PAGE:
Note that the results are incomplete, since the census did not reach all residents, especially in Emboscada; in addition, some residents surveyed did not identify themselves as Afro apart from other concentrations of African descent Paraguayan and individuals of African descent throughout the country that were not included in the census.[7]

As already mentioned, there are three communities of Afro-Paraguayan: the Kamba Cuá, in the Central Department (outside Asuncion), Kamba Kokue, meaning "chacra de negros" (farm of blacks) in Guarani language, and is situated in the Paraguarí Department, and Emboscada, in the Cordillera Department. The three communities are in the eastern region. The origins of these settlements dates back to the Spanish colonial period.

Kamba Cuá is the place having the most important Afro Paraguayan community. This place, in the Central Department, is populated by so-called Artigas Cue -or "black of Kamba Cuá"-, which are descended from the Kamba people (a Kenyan ethnic group[5]). They arrived in Paraguay as members of a regiment of 250 spearmen, men and women, who accompanied General Jose Gervasio Artigas, the independence´s leading revolutionary of the Eastern Band (the current Uruguay) in his exile in Paraguay in 1820. After having arrived in Asunción, they settled in the Campamento Loma area, practising dairy and secondary agriculture. However, in the 1940s, they were dispossessed of their land by General Higinio Morinigo. Of his 100 hectares they stayed with 3 hectares.[6] However, the community survived, kept his chapel and dances, created a football club ("Jan Six-ro") and one school of drum and dance for children. His ballet is the only Afro-Paraguayan expression, and premiered at the Folk Festival peach "Uruguay Yi sings in" 1992, where it won the "Golden charrúa". Their original lands at Campamento Loma remained vacant, and Kamba Cuá recently occupied them and planted manioc, but by the government decision of Was mosy (postStroessner), were accused of bring "terrorists" and were beaten and evicted.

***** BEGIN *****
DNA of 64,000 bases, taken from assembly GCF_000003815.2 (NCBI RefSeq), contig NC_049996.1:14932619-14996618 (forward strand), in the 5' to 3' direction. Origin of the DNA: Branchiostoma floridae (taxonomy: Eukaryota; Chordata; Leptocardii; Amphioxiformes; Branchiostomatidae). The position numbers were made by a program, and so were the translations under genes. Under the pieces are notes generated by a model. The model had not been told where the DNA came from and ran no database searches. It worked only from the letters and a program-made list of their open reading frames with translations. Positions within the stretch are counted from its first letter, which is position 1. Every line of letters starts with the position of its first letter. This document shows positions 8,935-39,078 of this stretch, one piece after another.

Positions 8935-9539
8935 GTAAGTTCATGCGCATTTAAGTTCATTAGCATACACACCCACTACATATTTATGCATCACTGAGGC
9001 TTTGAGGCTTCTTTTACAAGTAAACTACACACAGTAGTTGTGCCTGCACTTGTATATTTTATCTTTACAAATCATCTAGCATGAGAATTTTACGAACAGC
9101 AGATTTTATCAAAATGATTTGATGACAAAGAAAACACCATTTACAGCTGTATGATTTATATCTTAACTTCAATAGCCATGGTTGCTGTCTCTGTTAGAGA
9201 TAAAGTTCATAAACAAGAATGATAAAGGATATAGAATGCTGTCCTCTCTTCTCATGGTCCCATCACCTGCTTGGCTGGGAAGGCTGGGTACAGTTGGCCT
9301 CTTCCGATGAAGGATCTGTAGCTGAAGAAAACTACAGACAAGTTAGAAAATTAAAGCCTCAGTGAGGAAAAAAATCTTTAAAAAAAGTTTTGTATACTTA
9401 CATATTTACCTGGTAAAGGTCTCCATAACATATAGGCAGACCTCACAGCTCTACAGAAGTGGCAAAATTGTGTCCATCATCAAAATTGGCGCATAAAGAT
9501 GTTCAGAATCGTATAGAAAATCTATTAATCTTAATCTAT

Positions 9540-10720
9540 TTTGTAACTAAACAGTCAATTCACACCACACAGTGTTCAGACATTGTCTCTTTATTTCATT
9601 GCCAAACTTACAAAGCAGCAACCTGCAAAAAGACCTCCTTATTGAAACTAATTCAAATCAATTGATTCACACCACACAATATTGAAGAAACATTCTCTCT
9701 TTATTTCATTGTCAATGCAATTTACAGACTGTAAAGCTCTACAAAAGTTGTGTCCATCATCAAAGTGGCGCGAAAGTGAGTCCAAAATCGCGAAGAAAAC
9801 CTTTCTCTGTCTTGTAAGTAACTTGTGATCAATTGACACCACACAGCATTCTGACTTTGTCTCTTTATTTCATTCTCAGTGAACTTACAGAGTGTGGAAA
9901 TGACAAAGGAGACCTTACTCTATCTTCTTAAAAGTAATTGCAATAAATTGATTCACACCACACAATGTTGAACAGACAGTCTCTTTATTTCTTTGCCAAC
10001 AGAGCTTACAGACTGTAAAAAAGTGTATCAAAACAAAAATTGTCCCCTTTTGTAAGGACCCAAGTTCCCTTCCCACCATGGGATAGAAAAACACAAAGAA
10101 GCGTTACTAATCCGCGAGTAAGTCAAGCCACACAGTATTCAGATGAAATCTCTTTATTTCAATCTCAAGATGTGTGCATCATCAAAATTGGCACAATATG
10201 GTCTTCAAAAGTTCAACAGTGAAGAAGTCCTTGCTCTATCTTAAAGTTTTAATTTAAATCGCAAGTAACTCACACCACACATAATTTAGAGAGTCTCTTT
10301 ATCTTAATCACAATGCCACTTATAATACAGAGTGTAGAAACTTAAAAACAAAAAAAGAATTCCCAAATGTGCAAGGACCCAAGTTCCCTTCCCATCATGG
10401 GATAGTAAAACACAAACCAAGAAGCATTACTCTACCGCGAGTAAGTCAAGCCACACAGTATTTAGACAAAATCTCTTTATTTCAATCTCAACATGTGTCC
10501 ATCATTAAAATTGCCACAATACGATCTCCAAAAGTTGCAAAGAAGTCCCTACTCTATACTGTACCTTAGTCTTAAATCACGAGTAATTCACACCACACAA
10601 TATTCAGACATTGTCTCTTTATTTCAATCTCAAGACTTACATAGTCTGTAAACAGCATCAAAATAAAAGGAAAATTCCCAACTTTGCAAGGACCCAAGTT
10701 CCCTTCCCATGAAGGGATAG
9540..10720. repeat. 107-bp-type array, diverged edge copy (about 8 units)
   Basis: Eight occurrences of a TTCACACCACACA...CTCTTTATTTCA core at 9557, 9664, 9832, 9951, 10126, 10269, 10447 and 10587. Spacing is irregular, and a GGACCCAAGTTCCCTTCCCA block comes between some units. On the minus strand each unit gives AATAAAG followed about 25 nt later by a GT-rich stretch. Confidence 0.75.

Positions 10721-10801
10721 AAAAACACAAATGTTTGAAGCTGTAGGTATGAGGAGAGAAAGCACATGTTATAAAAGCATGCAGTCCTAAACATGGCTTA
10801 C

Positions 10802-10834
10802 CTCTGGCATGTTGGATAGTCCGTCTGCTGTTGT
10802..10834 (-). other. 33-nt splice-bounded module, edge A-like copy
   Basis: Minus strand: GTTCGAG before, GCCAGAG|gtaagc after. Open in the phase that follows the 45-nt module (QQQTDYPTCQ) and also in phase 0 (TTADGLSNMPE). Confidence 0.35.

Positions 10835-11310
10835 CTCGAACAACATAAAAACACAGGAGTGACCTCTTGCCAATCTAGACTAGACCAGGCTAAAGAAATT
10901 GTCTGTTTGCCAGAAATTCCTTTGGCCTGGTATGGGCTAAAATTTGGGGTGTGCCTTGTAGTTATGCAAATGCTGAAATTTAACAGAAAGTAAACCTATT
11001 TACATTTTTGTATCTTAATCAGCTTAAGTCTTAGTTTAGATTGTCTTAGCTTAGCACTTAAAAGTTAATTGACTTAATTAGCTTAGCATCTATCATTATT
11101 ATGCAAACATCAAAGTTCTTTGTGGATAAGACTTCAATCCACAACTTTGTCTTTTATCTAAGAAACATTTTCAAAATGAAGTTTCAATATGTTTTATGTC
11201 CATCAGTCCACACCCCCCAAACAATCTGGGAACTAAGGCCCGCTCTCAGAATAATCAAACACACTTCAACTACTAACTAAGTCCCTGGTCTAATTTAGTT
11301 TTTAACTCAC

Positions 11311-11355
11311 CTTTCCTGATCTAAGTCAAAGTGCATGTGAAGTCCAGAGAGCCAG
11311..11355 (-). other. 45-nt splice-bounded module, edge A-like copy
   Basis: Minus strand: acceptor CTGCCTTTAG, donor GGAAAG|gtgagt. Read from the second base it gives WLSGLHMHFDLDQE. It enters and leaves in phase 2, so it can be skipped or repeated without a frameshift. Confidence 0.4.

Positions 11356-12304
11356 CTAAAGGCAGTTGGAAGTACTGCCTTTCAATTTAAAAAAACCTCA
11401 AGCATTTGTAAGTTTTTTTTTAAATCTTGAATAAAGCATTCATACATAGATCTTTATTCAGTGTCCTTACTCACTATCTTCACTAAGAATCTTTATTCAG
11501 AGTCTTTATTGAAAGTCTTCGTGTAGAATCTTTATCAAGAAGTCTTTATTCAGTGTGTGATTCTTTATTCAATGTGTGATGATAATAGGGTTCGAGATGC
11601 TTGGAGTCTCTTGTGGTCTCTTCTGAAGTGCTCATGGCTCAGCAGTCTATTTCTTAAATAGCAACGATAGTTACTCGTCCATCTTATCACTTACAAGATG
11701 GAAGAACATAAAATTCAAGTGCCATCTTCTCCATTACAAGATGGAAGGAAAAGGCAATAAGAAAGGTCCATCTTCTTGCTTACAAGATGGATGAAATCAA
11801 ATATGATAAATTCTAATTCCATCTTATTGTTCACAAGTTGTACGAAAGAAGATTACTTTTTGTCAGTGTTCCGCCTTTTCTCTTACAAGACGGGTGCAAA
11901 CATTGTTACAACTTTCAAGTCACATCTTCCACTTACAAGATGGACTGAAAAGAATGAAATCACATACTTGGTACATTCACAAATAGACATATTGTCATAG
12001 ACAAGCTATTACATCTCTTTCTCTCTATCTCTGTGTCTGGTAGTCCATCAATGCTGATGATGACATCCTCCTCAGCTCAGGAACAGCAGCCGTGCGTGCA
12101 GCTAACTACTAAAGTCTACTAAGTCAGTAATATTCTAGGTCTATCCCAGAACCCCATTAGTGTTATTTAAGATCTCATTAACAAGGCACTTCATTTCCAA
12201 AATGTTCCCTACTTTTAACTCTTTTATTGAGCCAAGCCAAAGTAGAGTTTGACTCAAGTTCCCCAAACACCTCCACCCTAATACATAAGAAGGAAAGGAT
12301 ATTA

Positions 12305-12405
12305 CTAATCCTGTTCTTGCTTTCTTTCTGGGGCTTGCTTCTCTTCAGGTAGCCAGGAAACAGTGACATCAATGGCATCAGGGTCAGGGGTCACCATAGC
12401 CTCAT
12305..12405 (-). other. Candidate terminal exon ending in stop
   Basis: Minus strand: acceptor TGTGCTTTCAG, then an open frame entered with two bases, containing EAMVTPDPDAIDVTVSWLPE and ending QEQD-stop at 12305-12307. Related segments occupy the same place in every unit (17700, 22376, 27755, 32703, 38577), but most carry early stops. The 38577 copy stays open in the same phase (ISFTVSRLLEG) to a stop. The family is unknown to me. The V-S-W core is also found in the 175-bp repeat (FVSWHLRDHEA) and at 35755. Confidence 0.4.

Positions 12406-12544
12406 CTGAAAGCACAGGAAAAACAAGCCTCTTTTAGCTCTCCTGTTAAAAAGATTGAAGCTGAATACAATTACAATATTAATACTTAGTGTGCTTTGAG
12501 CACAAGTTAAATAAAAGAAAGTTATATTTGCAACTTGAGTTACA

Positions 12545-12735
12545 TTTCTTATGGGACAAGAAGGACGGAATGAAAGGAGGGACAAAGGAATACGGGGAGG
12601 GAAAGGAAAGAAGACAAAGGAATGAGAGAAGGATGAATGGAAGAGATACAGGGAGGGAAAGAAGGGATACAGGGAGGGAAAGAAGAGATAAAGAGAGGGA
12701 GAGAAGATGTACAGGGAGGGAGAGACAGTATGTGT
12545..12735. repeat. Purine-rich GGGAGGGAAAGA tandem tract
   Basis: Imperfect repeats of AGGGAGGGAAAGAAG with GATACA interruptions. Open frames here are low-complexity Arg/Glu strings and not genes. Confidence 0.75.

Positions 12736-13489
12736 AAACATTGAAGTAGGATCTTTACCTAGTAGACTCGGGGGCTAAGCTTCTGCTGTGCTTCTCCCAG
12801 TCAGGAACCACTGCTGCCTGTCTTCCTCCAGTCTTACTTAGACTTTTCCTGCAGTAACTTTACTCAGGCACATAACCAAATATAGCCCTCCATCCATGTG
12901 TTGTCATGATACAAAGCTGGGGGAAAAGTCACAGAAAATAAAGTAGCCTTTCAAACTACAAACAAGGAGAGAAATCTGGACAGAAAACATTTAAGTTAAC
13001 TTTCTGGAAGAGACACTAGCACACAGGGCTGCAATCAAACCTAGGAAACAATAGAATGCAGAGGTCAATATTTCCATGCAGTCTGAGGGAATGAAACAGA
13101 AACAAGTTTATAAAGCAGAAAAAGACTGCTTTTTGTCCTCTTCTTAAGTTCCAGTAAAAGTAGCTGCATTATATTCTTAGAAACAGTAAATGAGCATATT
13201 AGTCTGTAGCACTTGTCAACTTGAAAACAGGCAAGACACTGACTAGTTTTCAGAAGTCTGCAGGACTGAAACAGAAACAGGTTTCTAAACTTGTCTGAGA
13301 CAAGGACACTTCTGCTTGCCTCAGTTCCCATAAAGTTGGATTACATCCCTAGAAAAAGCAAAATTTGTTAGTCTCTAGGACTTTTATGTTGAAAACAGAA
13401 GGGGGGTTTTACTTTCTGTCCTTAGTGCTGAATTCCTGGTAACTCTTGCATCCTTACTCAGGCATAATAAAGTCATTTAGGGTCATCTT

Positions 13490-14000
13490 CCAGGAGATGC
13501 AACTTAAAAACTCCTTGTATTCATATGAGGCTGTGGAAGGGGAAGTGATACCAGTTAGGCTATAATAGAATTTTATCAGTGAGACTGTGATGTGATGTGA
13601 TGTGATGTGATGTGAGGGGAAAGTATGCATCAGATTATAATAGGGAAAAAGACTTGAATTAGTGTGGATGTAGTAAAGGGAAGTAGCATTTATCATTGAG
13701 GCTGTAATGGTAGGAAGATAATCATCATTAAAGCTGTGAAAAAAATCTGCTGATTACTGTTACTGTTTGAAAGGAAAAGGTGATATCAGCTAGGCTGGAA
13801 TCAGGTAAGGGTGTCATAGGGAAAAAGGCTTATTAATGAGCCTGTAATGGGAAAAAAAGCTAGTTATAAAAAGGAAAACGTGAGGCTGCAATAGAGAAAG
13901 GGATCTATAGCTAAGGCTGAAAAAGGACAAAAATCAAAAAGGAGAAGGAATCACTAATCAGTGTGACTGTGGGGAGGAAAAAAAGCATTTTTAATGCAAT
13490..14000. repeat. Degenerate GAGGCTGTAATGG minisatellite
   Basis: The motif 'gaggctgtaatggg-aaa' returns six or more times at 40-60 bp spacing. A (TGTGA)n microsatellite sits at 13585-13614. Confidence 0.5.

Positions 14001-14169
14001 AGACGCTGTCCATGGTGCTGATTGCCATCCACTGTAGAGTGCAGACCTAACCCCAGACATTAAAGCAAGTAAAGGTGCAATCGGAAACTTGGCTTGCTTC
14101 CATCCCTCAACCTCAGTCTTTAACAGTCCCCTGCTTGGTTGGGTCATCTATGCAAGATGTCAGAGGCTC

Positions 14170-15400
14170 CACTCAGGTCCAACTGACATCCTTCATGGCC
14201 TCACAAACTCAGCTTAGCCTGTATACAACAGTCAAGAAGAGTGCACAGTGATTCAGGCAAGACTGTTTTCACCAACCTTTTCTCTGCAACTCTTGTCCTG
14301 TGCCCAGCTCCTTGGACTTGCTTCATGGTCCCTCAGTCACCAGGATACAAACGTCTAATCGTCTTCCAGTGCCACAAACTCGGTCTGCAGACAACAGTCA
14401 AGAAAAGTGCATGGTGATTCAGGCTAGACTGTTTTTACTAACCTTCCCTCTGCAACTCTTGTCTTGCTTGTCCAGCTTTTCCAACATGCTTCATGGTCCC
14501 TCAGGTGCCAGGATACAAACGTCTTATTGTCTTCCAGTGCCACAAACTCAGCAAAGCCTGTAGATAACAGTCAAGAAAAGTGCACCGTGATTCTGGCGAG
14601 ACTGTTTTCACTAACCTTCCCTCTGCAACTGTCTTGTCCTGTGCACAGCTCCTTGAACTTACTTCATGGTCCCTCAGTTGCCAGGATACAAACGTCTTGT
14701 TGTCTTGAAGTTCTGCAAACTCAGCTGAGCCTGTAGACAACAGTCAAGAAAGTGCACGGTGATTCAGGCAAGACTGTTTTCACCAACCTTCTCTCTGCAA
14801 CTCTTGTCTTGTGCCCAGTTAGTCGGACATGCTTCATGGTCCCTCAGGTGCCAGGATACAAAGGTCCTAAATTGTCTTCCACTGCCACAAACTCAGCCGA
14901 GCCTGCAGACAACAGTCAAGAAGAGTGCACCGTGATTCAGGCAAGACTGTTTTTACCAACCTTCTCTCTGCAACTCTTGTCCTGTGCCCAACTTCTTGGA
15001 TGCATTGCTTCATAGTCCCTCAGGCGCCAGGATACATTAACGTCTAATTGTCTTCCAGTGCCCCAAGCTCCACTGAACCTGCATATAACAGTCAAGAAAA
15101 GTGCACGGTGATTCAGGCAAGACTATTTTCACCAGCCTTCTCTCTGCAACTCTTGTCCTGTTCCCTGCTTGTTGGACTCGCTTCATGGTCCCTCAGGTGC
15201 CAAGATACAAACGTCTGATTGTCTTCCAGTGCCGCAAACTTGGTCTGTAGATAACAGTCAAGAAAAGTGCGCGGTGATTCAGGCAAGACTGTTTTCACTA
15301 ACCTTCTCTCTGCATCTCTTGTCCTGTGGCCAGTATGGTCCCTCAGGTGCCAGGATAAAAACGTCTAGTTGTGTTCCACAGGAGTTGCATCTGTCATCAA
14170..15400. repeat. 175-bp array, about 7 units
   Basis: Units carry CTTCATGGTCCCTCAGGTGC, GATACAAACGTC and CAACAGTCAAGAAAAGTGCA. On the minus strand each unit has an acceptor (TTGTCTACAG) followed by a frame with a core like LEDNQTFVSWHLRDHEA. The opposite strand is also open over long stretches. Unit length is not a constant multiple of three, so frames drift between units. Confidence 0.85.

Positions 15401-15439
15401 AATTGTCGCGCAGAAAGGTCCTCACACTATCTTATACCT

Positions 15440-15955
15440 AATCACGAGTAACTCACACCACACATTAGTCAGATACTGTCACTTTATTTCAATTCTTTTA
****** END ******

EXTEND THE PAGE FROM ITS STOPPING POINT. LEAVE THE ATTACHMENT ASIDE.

Today, according official estimates, about 300 families (between 1,200 and 2,500 people) live in Kumba Cuá.[4] However, according censuses of the Afro Paraguayan Association Kamba Cuá, this community consists of only 422 people.[7] Religion is an integral part of daily life. Currently they are Catholic. His saint is San Benito of Palermo and King San Baltazar, who came from Uruguay. Their main festival is celebrated on 6 January each year at the community's social club named after the patron saint. The important ballet artistic expressions of the Kamba Kua and culinary arts of this community have been maintained for nearly 180 years. Their oral tradition recalls that many of them participated and died in the defensive war against the Triple Alliance (1865–69), which destroyed Paraguay. They keep memories of their history, passed down from generation to generation, hold dances like "candombe", dedicated to San Baltasar, and drumming.[4] So, this community is the best known of African descent in Paraguay for having preserved their identity and culture, promoted through its traditional festivals.[6]